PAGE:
Health Advice



Kids eat more vegetables when you put more on their plate

By Michael Roizen, M.D. and Mehmet Oz, M.D. on

Do you try to negotiate with your kids to get them to eat their vegetables? One Brussels sprout, 10 more minutes of TV time? (Don't let it go over one hour for toddlers, and keep it balanced with physical activity for older kids.) Or do you promise dessert if they eat their salad? That's hit or miss, at best, and then you have to fret about whether the dessert is healthy or not. Turns out the most effective way to get kids to eat more vegetables -- and fruit -- is to put more on their plate. (Who knew?)

Researchers from the Laboratory for the Study of Human Ingestive Behavior at Penn State tested two strategies for encouraging kids to eat more fruits and vegetables. One group of kids had 50% more to fruit and vegetable side dishes added to daily meals. A second group had 50% more fruits and vegetables substituted for an equivalent weight of the other foods. For example, when researchers added a couple of extra ounces of veggies to lunch, they subtracted a couple of ounces of mac and cheese. Both strategies work: Adding more fruit and vegetable side dishes boosted kids' intake of veggies by 24% and fruit by 33%; substituting fruits and veggies for some of the other foods increased veggie consumption by an astounding 41%, fruit by 38%.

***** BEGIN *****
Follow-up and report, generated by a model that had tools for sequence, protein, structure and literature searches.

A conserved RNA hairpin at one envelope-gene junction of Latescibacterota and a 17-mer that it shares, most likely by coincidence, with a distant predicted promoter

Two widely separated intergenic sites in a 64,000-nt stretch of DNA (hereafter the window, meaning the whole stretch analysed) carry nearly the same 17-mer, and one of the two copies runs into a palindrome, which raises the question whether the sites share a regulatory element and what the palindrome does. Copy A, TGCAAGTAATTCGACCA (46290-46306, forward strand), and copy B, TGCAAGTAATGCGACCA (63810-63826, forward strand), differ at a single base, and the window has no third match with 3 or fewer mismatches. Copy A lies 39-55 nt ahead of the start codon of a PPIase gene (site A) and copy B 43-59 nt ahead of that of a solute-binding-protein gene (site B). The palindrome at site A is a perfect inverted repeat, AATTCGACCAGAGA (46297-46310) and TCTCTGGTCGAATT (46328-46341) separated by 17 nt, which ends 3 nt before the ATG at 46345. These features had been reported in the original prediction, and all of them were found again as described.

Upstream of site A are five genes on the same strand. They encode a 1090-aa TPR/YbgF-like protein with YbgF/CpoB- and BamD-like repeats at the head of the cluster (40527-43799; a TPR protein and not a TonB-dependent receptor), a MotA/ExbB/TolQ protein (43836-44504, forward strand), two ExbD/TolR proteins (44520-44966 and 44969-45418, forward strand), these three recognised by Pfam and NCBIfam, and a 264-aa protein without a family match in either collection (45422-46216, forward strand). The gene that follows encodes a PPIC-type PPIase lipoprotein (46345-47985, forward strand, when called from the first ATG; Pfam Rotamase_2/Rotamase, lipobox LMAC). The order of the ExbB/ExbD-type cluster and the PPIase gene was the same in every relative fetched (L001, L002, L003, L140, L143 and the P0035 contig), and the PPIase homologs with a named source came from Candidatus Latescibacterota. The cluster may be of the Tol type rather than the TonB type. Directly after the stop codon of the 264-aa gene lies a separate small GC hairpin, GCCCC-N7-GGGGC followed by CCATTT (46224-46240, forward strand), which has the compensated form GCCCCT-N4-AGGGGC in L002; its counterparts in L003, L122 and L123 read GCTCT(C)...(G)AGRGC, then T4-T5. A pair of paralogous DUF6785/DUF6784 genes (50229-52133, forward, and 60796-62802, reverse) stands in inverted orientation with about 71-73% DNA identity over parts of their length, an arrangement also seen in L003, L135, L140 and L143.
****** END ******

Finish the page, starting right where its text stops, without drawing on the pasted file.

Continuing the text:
One more thing -- while you're tricking your kids, trick yourself, too! Only 9% of adults eat the recommended amount of vegetables; 12% get enough fruit.



Mehmet Oz, M.D. is host of "The Dr. Oz Show," and Mike Roizen, M.D. is Chief Wellness Officer Emeritus at Cleveland Clinic. To live your healthiest, tune into "The Dr. Oz Show" or visit

(c)2021 Michael Roizen, M.D. and Mehmet Oz, M.D.

Distributed by King Features Syndicate, Inc.

(c) 2021 Michael Roizen, M.D. and Mehmet Oz, M.D. Distributed by King Features Syndicate, Inc.



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